When I was in business school in the late 1990’s, we learned about Total-Factor Productivity (TFP). That’s the factor or coefficient that, when combined with labor and capital, equates to total output. TFP is an intangible, but it is thought to be anything from better human capital skills to technology (IT).
I bring up this old memory because there was a debate at the time among economists as to how big a role IT played in overall productivity gains and thereby total output for an entity or even GDP. I’m no economist, but I think the answer is pretty obvious today. Again, without anything to cite other than common sense and simple observation, I think future historians and economists will look back and consider the information age as every bit as important as the industrial revolution. When you think about the ability to process information rapidly, to store and retrieve data, to communicate instantaneously, and to optimize manufacturing processes (or, for that matter, to optimize nearly any business process though the application of IT), is it really possible to view the past 30 years as other than revolutionary?
Nearly every aspect of our lives has changed for the better because of technology. Whether it be a GPS-guided car ride, the rapid check-out at the grocery store (today it is self-check out!), or purchasing an airline ticket, nearly everything is more efficient. I won’t even get into how Apple alone has enhanced our everyday lives with the iPhone and iPad and the related apps! The fact is, the more we invest in technology, and the quicker we can harness its power, the more productive we can become.
As I recall, the debate about how much technology contributed to productivity was related to the cost of IT and the ramp-up related to deploying new technology. While these factors may prolong the return-on-investment, there can be no doubt to the eventual gains in productivity. Organizations are highly optimized today because of technology. On balance, they are more profitable because of technology and the related productivity gains.
To be sure, IT has also led to lost jobs. IT automation and globalization have eliminated the need for millions of jobs in the U.S. and elsewhere–but the same observation could be made about the industrial revolution: Think of how many weavers and tailors were forced to reinvent themselves when the mills optimized the production of textiles. The nature of revolutions is that societies change; old ways are abandoned and new ways are adopted. While some industries, manufacturing in particular, have suffered (in terms of net jobs) as a result of IT, I do believe that other industries–particularly the IT sector–have flourished. Still others will flourish too as more entrepreneurs find new ways to use IT to do new things – but, that is another blog!
In the early days of the technology revolution (1980’s – 1990’s), the cost of adopting and deploying technology were high. The technology needed to mature. Economies of scale, which could drive down technology costs and make technology more mainstream, had yet to be achieved. And, keep in mind that back in the ‘80s people spoke of “business re-engineering” projects in terms of months and years of effort–and this was the conversation among the technically savvy people. Back in the ‘80s and ‘90s, it took a long time for productivity to improve because it took a long time to deploy the technology. Some people didn’t want to embrace technology, so that complicated factors and could, in some cases, increase the costs and delays of deploying technology.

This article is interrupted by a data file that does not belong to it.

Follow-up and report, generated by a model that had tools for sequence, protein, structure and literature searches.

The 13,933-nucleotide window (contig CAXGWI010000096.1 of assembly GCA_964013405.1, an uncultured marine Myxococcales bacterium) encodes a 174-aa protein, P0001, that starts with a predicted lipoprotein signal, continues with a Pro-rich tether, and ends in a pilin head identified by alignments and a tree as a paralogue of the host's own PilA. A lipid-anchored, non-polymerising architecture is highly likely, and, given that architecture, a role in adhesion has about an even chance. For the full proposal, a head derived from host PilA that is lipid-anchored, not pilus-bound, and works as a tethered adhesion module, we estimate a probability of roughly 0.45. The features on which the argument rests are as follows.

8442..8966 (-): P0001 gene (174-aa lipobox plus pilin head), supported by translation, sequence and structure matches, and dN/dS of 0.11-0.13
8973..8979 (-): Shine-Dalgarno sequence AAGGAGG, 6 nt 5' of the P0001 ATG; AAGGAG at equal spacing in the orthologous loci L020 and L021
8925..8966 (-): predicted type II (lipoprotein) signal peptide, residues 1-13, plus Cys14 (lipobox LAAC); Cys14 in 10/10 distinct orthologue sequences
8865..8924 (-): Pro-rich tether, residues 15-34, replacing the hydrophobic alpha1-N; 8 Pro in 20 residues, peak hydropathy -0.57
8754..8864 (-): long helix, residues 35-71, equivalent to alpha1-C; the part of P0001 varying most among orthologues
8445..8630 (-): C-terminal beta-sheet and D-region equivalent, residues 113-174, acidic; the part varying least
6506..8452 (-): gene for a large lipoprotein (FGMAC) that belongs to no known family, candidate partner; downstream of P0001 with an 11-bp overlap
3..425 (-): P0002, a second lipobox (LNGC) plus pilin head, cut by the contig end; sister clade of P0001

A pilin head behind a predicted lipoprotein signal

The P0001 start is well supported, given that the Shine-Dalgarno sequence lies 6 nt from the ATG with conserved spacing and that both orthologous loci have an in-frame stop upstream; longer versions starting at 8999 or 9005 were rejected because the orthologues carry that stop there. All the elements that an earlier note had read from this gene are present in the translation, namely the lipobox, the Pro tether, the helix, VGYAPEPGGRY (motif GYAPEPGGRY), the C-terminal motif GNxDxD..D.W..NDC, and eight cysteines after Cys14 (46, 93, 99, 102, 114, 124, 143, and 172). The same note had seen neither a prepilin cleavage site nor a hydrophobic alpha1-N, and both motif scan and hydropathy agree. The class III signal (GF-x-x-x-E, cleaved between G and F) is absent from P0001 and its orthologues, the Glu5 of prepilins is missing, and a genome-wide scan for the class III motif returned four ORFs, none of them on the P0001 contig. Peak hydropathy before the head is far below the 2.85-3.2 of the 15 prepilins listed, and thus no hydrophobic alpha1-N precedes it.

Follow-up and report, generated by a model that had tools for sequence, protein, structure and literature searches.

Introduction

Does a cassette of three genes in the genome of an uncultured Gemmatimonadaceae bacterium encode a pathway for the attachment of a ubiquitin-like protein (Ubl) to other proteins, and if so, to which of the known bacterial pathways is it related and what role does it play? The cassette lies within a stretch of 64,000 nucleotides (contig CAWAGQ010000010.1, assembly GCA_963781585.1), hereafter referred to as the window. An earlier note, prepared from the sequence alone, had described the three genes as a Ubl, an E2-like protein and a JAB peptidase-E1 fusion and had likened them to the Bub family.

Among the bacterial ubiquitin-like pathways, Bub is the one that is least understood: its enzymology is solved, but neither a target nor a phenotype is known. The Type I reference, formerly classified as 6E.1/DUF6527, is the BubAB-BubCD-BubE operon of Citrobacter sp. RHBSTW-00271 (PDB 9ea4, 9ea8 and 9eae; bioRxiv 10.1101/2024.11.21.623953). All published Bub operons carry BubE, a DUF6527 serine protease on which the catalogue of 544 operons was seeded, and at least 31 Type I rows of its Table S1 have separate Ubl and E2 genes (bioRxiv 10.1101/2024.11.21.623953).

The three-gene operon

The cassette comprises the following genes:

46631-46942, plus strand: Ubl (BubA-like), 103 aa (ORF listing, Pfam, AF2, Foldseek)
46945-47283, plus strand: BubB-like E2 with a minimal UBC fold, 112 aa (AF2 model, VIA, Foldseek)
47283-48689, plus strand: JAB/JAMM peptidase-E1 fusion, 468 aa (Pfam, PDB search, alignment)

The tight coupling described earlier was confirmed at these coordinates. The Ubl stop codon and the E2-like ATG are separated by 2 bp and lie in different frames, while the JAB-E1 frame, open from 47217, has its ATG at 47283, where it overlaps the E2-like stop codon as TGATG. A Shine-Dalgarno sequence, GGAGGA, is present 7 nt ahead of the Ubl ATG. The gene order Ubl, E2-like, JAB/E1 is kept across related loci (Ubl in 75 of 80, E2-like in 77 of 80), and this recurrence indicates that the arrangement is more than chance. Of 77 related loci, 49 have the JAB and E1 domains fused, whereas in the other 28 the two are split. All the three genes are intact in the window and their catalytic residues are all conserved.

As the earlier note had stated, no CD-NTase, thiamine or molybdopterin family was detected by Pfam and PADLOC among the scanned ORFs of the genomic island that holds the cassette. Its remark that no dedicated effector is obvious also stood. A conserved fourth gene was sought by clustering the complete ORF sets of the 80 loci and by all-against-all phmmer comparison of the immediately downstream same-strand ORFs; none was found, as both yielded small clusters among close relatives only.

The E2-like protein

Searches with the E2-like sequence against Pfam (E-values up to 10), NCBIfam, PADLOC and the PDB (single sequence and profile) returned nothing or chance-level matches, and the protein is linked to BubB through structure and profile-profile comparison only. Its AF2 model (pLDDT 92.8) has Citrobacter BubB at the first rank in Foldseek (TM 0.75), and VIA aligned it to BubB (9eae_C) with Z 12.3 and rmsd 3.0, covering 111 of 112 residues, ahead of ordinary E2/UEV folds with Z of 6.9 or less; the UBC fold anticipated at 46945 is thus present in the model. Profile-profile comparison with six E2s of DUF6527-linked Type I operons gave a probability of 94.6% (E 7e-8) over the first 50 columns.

So much of that is different today. We can deploy technology faster and at far lower costs. People are far more accustomed to using technology–particularly younger workers, who have grown up in a world where technology is common. Indeed, we’re fast approaching the point where the users of technology are moving ahead of the IT organizations tasked with managing and maintaining the technology. In more and more organizations, people are walking through the doors with iPhones and iPads; they’re connecting and collaborating in ways that their IT organizations have no control over. From a personal productivity standpoint, that’s exciting. Moreover, it’s exciting from an overall organizational standpoint: the more productive the people within the organization are, the more productive the organization can be.
But it’s all maddening for the IT organization. They’re the o
nes who are struggling to keep up. They’re the ones that feel like they’re falling behind. They, who used to define what it meant to be cutting edge, are feeling dull.
What’s the solution for an IT organization? Do what you really do best: Use technology to better harness the power of technology. IT organizations need to find ways to make use of the lean, cutting-edge tools and service delivery modalities to facilitate the delivery of IT services. Once you can figure out how to improve the productivity of the IT organization itself, you have more time to focus on how you can use IT to improve the productivity of the broader organization.
In the end, IT is all about boosting TFP — at the personal level, at the level of the IT organization, and, ultimately, at the level of the enterprise itself.